9. walter map says:

    “So far this year, companies in the US have already issued $1.4 trillion in bonds”

    And that’s in a rotten bond market. Dummies.

    “CEOs are driven to make these deals to offset slowing sales and profits.”

    Partly. They’re also engineered to impress investors and consequently goose stock prices, in turn goosing CEOs stock-based compensation. But it’s to the detriment of the firm because the effect is usually temporary, because, as we know, up to 90% of M&As fail, and CEOs know that too.

    Our modern CEOs have become notorious for damaging the companies they lead in order to enrich themselves. Deutsche Bank is a clear example among several banks:

    This doesn’t mean M&A activity actually causes a financial market crisis by damaging companies. There doesn’t seem to be sufficient causation here, and companies, particularly banks, have other ways to get into trouble.

    But it does seem those “slowing sales and profits” which presage financial crises also motivate M&A activity, and the two are therefore are correlated in that way because they’re both caused by the same economic decline.

    Which does make excessive M&As something of a predictor for a meltdown. How accurate a predictor still seems unknown for now.

    Maybe if I put more thought into it.

    • Smingles says:

      That DB article is a fantastic insight into the downfall of a once staid institution.

  10. polecat says:

    Sparks ….. meet Fly ! ‘;]

  11. Ishkabibble says:

    Wolf you have two gems that just have to be repeated time and time again.

    “One thing is a given: Never in history has there been that much central bank manipulation; never have there been $12 trillion in bonds that traded with a negative yield; never have central banks printed so much money. It’s a new era, and none of the old models will work. Something new and unexpected will be taking place instead.”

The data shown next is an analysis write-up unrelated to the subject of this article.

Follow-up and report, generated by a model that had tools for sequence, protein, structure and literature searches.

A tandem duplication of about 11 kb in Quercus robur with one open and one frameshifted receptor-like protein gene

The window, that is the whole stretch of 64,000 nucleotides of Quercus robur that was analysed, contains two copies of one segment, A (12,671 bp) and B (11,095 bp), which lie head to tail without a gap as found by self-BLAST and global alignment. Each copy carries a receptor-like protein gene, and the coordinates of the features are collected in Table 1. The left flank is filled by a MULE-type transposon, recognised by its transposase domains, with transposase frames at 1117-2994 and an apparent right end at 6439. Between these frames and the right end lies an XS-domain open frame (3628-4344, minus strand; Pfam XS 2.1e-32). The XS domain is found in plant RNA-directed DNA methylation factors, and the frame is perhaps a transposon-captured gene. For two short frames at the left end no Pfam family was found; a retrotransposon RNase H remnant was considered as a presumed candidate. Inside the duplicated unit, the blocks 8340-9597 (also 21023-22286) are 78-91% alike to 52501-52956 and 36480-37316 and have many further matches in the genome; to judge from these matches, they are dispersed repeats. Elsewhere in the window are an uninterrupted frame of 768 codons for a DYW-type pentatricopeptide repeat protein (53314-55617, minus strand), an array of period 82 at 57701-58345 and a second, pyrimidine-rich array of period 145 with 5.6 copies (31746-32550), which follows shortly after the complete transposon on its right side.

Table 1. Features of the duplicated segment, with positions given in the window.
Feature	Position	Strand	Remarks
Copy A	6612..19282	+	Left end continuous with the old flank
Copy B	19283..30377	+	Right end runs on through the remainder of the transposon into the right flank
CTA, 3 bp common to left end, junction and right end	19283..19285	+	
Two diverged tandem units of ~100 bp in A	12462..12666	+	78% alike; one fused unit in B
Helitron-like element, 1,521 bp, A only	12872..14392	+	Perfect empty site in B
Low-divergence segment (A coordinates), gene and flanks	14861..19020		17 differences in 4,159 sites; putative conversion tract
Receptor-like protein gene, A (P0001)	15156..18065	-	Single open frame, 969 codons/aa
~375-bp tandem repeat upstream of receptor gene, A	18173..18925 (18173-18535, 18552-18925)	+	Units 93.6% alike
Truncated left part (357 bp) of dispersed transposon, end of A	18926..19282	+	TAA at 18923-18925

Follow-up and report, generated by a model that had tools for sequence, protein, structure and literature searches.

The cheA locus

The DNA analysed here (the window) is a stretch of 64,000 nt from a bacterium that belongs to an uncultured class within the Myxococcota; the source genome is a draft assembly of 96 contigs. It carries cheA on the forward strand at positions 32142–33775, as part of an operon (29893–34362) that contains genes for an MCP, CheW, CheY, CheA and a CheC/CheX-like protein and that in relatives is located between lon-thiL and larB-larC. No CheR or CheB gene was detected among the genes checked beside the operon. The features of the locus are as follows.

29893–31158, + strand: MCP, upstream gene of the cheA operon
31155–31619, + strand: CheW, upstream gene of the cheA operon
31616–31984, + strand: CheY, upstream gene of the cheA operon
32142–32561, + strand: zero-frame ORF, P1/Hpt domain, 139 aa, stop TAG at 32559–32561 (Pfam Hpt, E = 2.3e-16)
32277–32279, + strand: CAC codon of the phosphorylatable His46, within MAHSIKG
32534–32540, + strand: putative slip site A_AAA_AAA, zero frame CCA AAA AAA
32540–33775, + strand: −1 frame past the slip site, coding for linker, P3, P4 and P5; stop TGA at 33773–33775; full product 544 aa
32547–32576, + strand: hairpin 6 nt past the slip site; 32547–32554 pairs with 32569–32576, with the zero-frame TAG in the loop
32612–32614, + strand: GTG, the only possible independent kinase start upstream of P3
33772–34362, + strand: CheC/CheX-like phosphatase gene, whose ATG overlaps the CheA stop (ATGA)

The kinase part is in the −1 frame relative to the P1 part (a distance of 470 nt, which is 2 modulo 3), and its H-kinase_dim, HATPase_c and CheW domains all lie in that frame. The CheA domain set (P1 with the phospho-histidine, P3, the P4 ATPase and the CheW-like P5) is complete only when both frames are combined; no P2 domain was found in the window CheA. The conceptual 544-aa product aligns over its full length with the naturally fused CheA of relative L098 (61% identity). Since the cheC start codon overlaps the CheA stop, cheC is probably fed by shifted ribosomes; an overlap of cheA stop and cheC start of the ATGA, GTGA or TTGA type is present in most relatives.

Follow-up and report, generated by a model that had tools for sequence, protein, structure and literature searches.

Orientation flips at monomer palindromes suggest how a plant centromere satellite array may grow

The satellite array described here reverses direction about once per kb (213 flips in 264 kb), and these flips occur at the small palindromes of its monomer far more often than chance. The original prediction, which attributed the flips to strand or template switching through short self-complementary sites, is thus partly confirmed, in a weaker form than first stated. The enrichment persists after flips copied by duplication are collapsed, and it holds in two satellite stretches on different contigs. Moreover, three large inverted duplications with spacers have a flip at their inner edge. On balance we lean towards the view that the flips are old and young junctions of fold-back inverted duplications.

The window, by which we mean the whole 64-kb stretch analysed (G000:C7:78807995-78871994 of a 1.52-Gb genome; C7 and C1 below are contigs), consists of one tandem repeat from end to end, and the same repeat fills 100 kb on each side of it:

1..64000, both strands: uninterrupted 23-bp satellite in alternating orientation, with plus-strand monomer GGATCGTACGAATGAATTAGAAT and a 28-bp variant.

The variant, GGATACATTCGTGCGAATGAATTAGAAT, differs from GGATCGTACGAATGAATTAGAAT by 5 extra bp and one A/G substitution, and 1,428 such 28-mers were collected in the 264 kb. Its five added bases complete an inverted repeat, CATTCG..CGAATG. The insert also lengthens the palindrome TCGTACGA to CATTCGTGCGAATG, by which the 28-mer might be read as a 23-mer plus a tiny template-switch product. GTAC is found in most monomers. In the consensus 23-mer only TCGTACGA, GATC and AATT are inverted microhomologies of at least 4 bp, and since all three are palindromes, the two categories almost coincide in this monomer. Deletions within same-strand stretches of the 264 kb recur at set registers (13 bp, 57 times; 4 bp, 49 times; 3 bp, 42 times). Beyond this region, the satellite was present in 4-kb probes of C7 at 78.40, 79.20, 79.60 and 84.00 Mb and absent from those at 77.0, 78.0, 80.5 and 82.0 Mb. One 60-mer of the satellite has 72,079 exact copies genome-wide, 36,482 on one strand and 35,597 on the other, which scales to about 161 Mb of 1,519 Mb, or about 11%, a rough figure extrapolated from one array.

“………………with a bubble mentality that in this central-bank managed world, nothing can ever lose value or implode in the classic manner, and that if it does, it’s just other people’s money that goes up in smoke and that it will all be “contained.”

    But with QE and negative interest rates skewing every sense of reality, everywhere, no one knows how or where this might end up.”

    Ever since the TBTF banks’ economic/political coup in ’08-’09, I’ve known exactly where it’s all going to end up — exactly where the TBTF banks want it to end up — the TBTF banks, through their ATMs, their slave governments, military, police and “security” forces, will control all important aspects of human life on this planet.

    Of course this is the exact opposite of what should be happening — non-Elite human beings divorcing themselves as much as possible from the Elite’s private TBTF banking cartel.

    • Tom Kauser says:

      It was going OK stock and bond vol. had died down. Siegel had called the bottom while Mark Haines scoffed!
      Bush had worked congress for two weeks begging for a bailout in every room of the White House and treasury had marched the tbtf bankers into a room to sign their banks freedoms away to treasury.
      Finally they got a deal and tarp was passed. After two weeks and a blank sheet of paper Congress approved of buying the banks own junk as an investor of last resort.